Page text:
In another embodiment, the disintegration should take place in the presence of a detergent. An especially well suited detergent is sodium dodecylsulfate (SDS). It may easily be precipitated with potassium salts and separated from the proteins in this way. In principle other detergents can be used, as long as they can be separated from the proteins. The use of detergents allows the disintegration e.g. of meal resulting from tofu production and oil production from plants to take place at room temperature and a pH-value below 10. The amount of SDS necessary for this, save for a harmless remainder, can be precipitated without any problems using potassium salts.
The pH of the protein-containing substance is adjusted using an alkali. Suitable alkalis are NaOH, KOH, Ca(OH)2, CaCO3, and MgOH. Typically, a 0.2 molal alkali solution is used to adjust the pH of the protein-containing solution. For the disintegration process using high-speed homogenization, the dispersion pH is adjusted by the addition of 0.2 molal alkali solution. For the disintegration using a detergent, a solution of 1% SDS in 0N NaOH is added until the dispersion has a pH between about 9.5 and 10.0.
The alkaline solvent may be an alcohol solution. Alcohol solutions as alkaline solvents are especially well suited for economic application of the new method. Preferably, the solvent may include up to 50% alcohol, such as ethanol.
Often further processing, i.e. cleaning the solution of accompanying substances, may be sensible. In the first step after disintegration, the insoluble components are removed from the solution by centrifugation or filtration. For example, centrifugating at 4500×g for about two minutes will typically pellet insolubles. Neutralizing and desalinating the alkaline solution leads to a highly nutritious, neutrally flavored end product.
Neutralizing the solution can be accomplished by the addition of a non-oxidizing acid such as hydrochloric acid, acetic acid or formic acid so that a pH of between about 6.5 and 7.5 is obtained.
The proteins contained in the solution can be concentrated with the aid of ultrafiltration and the solution can be desalinated with the aid of diafiltration. The known method of ultrafiltration for concentrating the solution allows the filtered-off solvent to be reused and reduces the amount of heat needed to dry the proteins. Diafiltration to desalinate the solution is so that the use of additional chemicals is not necessary. Furthermore, further processing, i.e. cleaning, of the solution is connected to the diafiltration. The exclusion limit of the diafiltration is advantageously approximately 10,000 Daltons so that salts and other low molecular weight molecules are removed from the solution.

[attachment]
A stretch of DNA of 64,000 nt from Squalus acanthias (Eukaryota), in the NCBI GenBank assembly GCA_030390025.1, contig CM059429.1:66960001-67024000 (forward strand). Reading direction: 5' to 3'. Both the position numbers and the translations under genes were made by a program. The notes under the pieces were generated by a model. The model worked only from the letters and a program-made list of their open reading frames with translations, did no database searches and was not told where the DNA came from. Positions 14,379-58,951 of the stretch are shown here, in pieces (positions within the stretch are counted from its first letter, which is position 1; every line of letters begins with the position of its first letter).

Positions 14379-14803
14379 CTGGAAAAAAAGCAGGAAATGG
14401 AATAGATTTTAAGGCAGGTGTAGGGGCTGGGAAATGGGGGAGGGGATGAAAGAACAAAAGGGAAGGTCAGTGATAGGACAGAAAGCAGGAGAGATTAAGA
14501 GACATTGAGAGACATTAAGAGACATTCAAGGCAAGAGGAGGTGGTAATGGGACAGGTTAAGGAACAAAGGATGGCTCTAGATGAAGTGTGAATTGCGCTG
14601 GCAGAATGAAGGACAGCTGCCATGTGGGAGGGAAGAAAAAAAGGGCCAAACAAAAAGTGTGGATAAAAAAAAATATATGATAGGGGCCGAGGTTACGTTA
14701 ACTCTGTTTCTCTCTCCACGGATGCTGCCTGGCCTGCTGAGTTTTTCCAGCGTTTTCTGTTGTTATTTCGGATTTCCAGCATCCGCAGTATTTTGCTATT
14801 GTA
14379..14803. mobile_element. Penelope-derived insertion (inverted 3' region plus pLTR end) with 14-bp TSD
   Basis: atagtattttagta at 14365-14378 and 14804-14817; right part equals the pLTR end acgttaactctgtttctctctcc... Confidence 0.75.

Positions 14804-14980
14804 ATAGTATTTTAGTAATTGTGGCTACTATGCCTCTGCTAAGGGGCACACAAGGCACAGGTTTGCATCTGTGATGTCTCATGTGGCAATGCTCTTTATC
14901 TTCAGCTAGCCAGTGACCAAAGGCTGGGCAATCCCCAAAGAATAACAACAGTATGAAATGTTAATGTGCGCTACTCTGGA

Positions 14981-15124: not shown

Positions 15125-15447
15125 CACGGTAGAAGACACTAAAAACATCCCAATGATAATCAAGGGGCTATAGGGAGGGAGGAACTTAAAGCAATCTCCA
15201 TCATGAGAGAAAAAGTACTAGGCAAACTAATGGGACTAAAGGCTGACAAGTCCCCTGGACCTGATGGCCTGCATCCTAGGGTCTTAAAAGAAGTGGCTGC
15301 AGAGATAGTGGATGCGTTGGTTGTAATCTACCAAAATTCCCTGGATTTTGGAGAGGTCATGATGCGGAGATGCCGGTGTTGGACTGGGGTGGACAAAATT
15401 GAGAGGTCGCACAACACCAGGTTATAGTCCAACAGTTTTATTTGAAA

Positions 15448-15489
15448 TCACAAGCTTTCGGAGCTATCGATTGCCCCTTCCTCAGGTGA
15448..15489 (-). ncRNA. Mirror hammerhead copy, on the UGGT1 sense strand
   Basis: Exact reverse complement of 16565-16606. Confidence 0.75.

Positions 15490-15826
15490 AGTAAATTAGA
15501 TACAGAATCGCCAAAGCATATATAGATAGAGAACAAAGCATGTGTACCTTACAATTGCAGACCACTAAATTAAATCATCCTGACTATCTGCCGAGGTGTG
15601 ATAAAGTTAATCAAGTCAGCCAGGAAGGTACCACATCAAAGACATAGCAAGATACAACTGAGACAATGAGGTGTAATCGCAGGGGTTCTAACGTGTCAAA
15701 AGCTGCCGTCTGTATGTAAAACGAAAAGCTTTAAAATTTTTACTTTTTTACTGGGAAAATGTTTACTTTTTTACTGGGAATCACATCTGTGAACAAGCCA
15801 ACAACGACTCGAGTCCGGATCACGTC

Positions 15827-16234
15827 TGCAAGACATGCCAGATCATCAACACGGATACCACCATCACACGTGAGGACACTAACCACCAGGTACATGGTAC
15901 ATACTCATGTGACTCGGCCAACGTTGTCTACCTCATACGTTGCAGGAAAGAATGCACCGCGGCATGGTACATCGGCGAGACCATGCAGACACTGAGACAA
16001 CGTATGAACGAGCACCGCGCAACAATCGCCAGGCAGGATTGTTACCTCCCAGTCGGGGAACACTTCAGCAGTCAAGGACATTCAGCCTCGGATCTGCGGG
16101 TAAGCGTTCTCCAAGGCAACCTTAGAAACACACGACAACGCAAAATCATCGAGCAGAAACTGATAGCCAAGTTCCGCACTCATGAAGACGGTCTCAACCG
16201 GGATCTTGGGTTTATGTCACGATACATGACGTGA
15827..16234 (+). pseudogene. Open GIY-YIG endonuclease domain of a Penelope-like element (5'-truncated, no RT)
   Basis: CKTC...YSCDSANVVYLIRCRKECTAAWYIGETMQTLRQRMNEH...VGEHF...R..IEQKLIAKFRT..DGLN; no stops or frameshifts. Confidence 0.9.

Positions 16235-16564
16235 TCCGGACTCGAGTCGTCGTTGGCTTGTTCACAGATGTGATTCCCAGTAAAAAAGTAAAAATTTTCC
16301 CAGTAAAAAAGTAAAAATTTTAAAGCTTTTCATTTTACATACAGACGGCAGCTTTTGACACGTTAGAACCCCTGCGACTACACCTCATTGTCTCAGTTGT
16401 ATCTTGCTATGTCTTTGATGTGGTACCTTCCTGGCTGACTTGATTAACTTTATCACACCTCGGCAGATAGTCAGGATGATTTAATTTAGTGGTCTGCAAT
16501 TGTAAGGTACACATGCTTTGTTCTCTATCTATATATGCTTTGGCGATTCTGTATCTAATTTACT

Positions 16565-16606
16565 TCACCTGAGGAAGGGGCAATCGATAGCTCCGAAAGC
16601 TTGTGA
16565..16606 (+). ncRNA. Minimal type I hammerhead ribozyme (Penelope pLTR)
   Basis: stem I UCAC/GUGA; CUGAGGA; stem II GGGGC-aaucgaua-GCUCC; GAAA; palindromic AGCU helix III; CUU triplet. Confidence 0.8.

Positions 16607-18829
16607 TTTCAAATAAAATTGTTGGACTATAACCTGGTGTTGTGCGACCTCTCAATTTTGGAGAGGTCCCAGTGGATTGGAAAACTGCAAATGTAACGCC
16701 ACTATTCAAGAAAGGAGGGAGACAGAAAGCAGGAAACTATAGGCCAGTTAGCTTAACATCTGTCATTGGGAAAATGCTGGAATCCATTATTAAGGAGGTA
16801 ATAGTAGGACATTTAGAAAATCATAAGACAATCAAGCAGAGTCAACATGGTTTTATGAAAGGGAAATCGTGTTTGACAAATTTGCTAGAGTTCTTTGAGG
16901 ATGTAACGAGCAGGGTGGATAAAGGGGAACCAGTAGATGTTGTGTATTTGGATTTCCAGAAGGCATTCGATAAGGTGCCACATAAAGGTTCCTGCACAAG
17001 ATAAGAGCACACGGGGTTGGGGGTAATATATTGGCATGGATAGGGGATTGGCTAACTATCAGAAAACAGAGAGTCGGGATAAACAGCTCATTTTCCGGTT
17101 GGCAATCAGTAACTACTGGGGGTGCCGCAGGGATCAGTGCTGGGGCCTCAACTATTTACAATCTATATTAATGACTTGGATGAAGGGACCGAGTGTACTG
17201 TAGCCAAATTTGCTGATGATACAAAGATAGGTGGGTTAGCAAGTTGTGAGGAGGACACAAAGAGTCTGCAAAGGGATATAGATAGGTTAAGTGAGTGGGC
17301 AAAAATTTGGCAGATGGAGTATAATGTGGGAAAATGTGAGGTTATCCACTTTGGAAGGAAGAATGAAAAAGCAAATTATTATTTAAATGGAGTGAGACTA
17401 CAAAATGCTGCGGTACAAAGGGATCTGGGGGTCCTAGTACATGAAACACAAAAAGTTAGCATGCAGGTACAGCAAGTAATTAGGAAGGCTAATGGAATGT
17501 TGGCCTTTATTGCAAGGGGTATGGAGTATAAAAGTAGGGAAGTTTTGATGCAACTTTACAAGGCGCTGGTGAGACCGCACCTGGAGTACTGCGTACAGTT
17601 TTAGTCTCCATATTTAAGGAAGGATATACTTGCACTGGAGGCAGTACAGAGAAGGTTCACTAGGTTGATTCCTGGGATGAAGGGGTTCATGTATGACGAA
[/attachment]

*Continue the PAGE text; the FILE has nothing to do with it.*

Organoleptic compounds, especially glycoalkaloid and lipids, may be separated by acidic extraction, especially with ethanol and glacial acetic acid, and subsequent hotfiltration from the protein-containing substance before its disintegration. This step in the process is sensible especially for the removal of the solanine from substances containing potato protein. For the amount of chemicals necessarily applied, it proves to be advantageous to perform the acidic extraction on the mechanically crushed but not yet disintegrated substance. Under the aspect of being suitable for foodstuff, the use of a mixture of ethanol and glacial acetic acid for the acidic extraction is sensible. In principle other alcohols may also be used, though. Acid extraction involves boiling the protein-containing substance in a solution of 98% ethanol/2% glacial acetic acid while refluxing. An extraction treatment with alcohol should not be used for glutene since glutene contains alcohol soluble proteins.
The protein-containing substance may be defattened by extraction with hexane before its disintegration. Such processing is taught in WO 91/12730, which disclosure is incorporated herein by reference. This additional process step is indicated primarily in the processing of glutene.
The protein-containing substance may be acidified at the beginning of the disintegration. Acidifying of the protein-containing substance has proven to be sensible and to accelerate the disintegration especially in the processing of glutene. Typical acids that can be used are acetic acid, formic acid, hydrochloric acid, or any other nonoxidizing acid. Typically, the protein-containing substance is dispersed in a 50% ethanol/50% water solution. The acid is then added until a pH of about 5.5 is achieved. A treatment time of about 10 minutes is generally sufficient. The dispersion can then be subjected to the disintegration procedure.
Disintegration of the protein-containing substance may be performed in the presence of hydrogen peroxide. The use of hydrogen peroxide in the disintegration of the protein-containing substance makes pH-precipitation of the disintegrated proteins possible, which simplifies their concentrating prior to the drying process. Furthermore, the hydrogen peroxide results in a lighter coloring and a longer-chained structure of the foodstuff-suitable proteins obtained in this way.
The invention is further explained and described with the aid of the following illustrative examples. It should not be presumed that the invention is limited to the following examples: